• To reduce costs, the company decided to hire an outside organization do the work our group did.  They out-sourced our jobs.
  • My original employer was acquired by [former employer], and the acquiring company moved our group’s operations elsewhere to reduce their costs.

Notice how short those answers are!  If a follow-up question about the layoff is asked, again, be brief and factual.  Not angry.

Assuming you were not the only person laid off, be sure to include a reference that makes that point clearly – like using the term “our jobs” rather than “my job” and “our group” rather than “I” when you answer this question.

2.  Ask a question.

You’ve put out the truth about what happened, and now it’s time to move on to the next topic.  You should have some questions you want to ask, too, and asking one of your questions immediately after you have answered this question is a good idea.


The layoff was not your fault, and being laid off doesn’t mean you are or were a poor performer (see the articles on Layoff Survival and Job Loss Recovery for more help dealing with the issue).  It’s more a matter of bad luck – wrong place; wrong time.  In your next job, keep your antenna up for signs of another layoff, and keep your LinkedIn Profile up-to-date and ready to support you in a job search. 

More About Answering Why You Left Your Last Job

How to Answer Why You Left When You Actually Quit

Reason for Leaving Your Job After 15 Years

Explaining Why You Left Your Last Job Too Soon

How Do I Talk About Being Fired When I Interview?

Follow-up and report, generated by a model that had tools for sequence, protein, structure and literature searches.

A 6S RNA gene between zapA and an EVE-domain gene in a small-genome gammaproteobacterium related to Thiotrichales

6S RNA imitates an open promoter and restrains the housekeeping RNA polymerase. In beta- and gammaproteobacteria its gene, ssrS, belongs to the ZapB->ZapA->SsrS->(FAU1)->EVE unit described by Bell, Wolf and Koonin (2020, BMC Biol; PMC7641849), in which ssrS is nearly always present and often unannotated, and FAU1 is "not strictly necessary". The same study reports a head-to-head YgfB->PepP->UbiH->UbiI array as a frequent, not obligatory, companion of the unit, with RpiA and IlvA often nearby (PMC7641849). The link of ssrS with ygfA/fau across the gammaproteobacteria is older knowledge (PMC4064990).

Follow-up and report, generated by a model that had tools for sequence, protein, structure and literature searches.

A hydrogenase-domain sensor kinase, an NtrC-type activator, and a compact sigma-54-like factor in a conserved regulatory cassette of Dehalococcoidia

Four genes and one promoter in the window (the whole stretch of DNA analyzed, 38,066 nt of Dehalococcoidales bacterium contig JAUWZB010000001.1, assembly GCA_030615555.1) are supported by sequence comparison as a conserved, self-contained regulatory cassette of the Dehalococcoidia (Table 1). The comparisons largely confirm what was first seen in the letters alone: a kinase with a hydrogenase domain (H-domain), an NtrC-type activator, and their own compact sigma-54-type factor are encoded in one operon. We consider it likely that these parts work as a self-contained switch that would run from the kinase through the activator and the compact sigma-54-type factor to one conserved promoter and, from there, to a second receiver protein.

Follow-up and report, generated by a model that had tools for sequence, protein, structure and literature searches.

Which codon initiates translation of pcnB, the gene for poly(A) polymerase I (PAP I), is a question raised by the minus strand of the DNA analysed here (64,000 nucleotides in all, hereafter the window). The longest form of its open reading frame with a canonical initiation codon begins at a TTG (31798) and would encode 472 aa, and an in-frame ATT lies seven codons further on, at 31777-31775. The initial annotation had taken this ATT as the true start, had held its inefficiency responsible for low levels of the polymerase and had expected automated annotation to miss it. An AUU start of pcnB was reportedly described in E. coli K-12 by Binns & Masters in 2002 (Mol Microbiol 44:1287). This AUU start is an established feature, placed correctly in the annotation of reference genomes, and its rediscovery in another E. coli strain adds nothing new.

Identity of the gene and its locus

The Interviewer Asked Me Why I Left My Last Job and I Said Too Much!

Layoff Survival Guide (

Job Loss Recovery (


About the author…

Online job search expert Susan P. Joyce has been  observing the online job search world and teaching online job search skills since 1995. Susan is a two-time layoff “graduate” who has worked in human resources at Harvard University and in a compensation consulting firm. In 2011, NETability purchased, which Susan has been editor and publisher of WorkCoach since then.  Susan also edits and publishes  Follow Susan on Twitter at @jobhuntorg and on .



  1. Spot on Susan. Regardliess of why you were laid off, never go into the reasons beyond a “reorganization”, “downsizing” or “position eliminated.’

    When a candidate tried to tell me the special circumstances of their layoff, usually leading to a story, I would always disqualify them as there are 2 sides to every story and I just didn’t have the time to find out the other side.

  2. So now you’ve specifically answered for being fired or laid off, but not if you’ve quit because your boss was a tyranical jerk. Which was my case and has had me struggling to explain why its the only time I’ve quit in my life. Yes the generic KISS works, but the need to explain that you are trustworthy but getting yelled at for something it wasn’t your job to take care of, by three people, just made you snap.

    • Susan P. Joyce says:

      Hi Angela,

      I would not mention that the treatment “made you snap,” and I probably wouldn’t mention that being treated disrespectfully by management is not acceptable to you. But, I would certainly ask questions about how people are managed and how feedback is given to employees (frequency and timing of reviews, etc.). Emphasize the positive, and keep your antenna up to do your best to avoid that kind of situation in the future.

      Here are two posts specifically about how to address quitting in a job interview:
      1. Reason for Quitting Your Job After 15 years – the advice applies even for much shorter terms.
      2. Reason for Quitting Your Job Too Soon – advice for someone who quit after 7 months.

      Good luck with your job search!